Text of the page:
Nutritional control of molecular events has become of great interest given the increased incidence of diet-induced obesity, and consequently Type 2 (non-insulin-dependent) diabetes, in recent years. The altered adipose tissue content in obese individuals results in an altered profile of circulating adipokines, and here we focus on adiponectin, whose circulating levels decrease in obese individuals. Adiponectin is a 30 kDa protein but circulates primarily as hexameric, oligomeric and, to a lesser extent, trimeric forms. Full-length adiponectin can also be cleaved to produce a fragment containing the globular domain that exerts potent metabolic effects. Adiponectin has insulin-mimetic and -sensitizing actions including stimulation of glucose uptake in skeletal muscle and suppression of glucose production in liver. Hence, adiponectin has attracted great interest as an antidiabetic agent. Adiponectin acts via two receptor isoforms, AdipoR1 (adiponectin receptor 1) and AdipoR2, which have distinct tissue distributions and affinities for recognition of the various adiponectin forms. Expression of AdipoR isoforms can be regulated by hyperinsulinaemia and hyperglycaemia with the consequence of increased sensitivity or resistance to specific forms of adiponectin. In summary, regulation of adiponectin or AdipoR expression may be of great importance in the development of metabolic perturbations characteristic of Type 2 diabetes in obese individuals.
- metabolic syndrome
- signalling cross-talk
Obesity and the metabolic syndrome
Diet-induced obesity and the subsequent development of features of the metabolic syndrome have become major worldwide health problems [1,2]. Almost 70% of adults in U.S.A. are overweight but, perhaps more alarmingly, 16% of juveniles are overweight and there is a trend towards decreased age of onset of Type 2 (non-insulin-dependent) diabetes, which was typically only found in adults. A weight loss of 5–10% can improve insulin resistance in obese individuals  and nutrition has become an important target for management of obesity, insulin resistance and diabetes . Given that attempts to regulate food intake and content are futile in most of the at risk patients, a clearer understanding of the cellular events underlying the pathophysiology of features of the metabolic syndrome is required to allow therapeutic synergism of novel medications along with diet and exercise. Here, we provide an up-to-date mini-review on control of molecular regulation of adiponectin action.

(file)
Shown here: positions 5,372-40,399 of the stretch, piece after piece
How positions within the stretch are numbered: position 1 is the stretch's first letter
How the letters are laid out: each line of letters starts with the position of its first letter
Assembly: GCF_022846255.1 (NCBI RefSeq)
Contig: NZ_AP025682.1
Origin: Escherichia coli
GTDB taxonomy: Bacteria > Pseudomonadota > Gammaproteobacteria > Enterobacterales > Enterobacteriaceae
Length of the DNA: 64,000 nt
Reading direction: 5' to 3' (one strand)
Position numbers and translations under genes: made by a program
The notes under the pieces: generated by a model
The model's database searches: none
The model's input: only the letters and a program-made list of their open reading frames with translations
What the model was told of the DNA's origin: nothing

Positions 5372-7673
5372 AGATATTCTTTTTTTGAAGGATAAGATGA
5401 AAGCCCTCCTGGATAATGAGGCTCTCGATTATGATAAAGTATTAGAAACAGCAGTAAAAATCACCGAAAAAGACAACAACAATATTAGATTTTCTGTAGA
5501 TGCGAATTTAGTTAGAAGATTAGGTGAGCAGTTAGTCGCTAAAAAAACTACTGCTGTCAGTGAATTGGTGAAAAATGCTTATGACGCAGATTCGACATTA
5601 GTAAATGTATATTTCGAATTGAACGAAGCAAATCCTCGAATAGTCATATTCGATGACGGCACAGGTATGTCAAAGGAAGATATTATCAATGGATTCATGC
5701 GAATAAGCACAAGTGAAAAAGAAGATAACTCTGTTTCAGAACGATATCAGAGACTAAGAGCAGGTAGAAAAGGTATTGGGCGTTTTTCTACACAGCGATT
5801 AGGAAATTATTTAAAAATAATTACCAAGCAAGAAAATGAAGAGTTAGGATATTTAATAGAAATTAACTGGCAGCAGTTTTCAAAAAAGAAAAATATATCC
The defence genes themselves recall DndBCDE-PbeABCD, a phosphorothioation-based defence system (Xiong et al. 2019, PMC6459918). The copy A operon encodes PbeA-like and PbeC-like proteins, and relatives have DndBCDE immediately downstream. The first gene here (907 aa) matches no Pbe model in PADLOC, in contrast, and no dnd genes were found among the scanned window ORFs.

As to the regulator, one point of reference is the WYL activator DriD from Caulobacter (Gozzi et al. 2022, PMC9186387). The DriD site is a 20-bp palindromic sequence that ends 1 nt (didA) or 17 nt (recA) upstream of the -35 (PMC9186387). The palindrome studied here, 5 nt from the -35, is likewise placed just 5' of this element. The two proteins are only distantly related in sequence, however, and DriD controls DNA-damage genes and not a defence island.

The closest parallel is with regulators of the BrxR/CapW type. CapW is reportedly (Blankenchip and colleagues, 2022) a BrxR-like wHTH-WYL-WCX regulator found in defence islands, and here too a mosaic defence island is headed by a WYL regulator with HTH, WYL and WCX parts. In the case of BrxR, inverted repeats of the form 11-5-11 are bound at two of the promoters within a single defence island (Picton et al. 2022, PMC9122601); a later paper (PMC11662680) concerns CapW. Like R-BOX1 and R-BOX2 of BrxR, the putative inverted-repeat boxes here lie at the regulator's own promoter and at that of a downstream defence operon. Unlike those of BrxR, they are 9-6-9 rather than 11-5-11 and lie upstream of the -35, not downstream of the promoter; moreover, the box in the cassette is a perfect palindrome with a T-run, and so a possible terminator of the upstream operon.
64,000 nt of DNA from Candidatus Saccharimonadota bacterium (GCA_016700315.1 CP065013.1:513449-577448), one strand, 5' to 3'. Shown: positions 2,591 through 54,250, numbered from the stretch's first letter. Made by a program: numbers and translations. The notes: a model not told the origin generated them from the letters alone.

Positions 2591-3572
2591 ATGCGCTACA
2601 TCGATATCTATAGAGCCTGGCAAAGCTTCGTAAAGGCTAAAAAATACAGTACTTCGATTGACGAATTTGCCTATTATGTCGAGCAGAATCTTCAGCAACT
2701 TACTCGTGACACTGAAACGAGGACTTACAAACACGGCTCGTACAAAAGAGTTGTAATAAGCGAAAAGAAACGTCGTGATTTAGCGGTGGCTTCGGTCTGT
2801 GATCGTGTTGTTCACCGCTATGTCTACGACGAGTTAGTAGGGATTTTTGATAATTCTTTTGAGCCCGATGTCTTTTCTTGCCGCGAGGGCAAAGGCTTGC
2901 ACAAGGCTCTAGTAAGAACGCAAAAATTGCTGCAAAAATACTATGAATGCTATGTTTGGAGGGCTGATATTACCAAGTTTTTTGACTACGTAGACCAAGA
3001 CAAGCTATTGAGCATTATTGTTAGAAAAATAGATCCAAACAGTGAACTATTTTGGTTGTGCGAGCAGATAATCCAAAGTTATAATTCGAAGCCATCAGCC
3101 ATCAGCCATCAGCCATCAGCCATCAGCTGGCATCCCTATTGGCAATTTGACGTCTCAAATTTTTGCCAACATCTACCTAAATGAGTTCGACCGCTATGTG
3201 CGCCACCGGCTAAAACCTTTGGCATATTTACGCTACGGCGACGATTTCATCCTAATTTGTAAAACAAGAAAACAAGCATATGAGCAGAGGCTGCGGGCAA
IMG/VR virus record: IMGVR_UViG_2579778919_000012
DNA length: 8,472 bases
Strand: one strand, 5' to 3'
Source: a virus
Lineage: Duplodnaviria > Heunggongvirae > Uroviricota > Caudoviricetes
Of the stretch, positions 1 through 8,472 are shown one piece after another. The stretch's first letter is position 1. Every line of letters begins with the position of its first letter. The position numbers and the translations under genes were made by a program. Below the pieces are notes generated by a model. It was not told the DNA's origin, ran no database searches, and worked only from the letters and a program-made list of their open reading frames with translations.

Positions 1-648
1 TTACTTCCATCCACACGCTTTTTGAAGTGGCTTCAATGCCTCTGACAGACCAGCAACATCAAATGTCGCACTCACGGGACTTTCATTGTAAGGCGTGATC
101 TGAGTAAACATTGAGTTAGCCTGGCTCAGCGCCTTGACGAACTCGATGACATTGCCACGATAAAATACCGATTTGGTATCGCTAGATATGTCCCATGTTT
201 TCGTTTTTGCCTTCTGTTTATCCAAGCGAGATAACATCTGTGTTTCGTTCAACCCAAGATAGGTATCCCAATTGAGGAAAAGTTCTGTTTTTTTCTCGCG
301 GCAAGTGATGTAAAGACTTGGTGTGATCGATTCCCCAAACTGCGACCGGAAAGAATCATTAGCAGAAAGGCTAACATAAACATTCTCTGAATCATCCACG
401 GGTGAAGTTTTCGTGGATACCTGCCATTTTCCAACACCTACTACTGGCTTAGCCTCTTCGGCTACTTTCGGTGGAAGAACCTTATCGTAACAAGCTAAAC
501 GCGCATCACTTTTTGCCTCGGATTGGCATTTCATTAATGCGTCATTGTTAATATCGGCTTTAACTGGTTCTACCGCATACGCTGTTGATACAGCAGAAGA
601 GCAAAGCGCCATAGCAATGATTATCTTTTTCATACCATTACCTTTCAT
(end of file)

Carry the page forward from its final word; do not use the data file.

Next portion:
Adiponectin structure and function
Adipose tissue, once considered simply a lipid storage depot, is now known to be a dynamic endocrine organ that secretes various factors (adipokines) [4,5]. Obese and Type 2 diabetic patients or animal models exhibit altered profiles of adipokines and energy metabolism and insulin action are markedly impaired in individuals with visceral obesity . Adiponectin is one of the most abundant plasma proteins (∼1–17 μg/ml) and, whereas adipokine levels typically show an inverse correlation with body mass index, adiponectin is distinct in that circulating levels decrease in obesity. Adiponectin has antidiabetic properties due to insulin-mimetic and insulin-sensitizing actions, while anti-inflammatory and anti-atherosclerotic effects have also been consistently reported. Since it is impossible to cover here, readers are referred to several excellent reviews discussing the various effects of adiponectin [7–9]. To manipulate the function of adiponectin, or prevent obesity-related defects in adiponectin action, it is imperative to appreciate the complex yet intriguing nature of its structure and regulation.
The adiponectin gene product is a 30 kDa protein but these monomers can form trimeric [LMW (low-molecular-mass form)] or higher order complexes including hexamers [MMW (medium-molecular-mass form)] and oligomers [HMW (high-molecular-mass form)] (see Figure 1), which each have different potency for, and end-point responses in, different tissues [10,11]. In addition, fAd (full-length adiponectin) multimers may be cleaved to liberate a fragment containing the C-terminal globular domain (gAd), which exhibits potent metabolic effects, particularly in skeletal muscle [12–14]. Furthermore, an intracellular signalling role for gAd was recently proposed  and the cleaved N-terminal region of adiponectin was recently reported to bind to distinct cell types and mediate physiological effects . Circulating adiponectin has been found mainly in HMW, MMW and, to a lesser extent, LMW, whereas the presence of circulating gAd remains controversial [14,17]. We believe that localized cleavage of fAd to produce gAd by tissue-specific proteases or at sites of inflammation  will be of great physiological relevance. Given the rapid development in our understanding of adiponectin structure and function, analysis of total circulating adiponectin levels is clearly insufficient when attempting to correlate with clinical observations. Indeed, an adiponectin-sensitivity index was recently proposed as a more appropriate measure  and indeed the ratio of HMW to total adiponectin is decreased in Type 2 diabetic patients . Control of the adiponectin gene promoter can be mediated via SREBP (sterol-regulatory-element-binding protein), C/EBP (CCAAT/enhancer-binding protein) and PPARγ (peroxisome-proliferator-activated receptor γ) transcription factors and in response to factors including TNFα (tumour necrosis factor α), insulin and thiazolidinediones [21,22]. Much work is needed to further understand the control of adiponectin synthesis, not only in adipocytes, and the post-translational modifications required for oligomer formation [17,20].
AdipoRs (adiponectin receptors)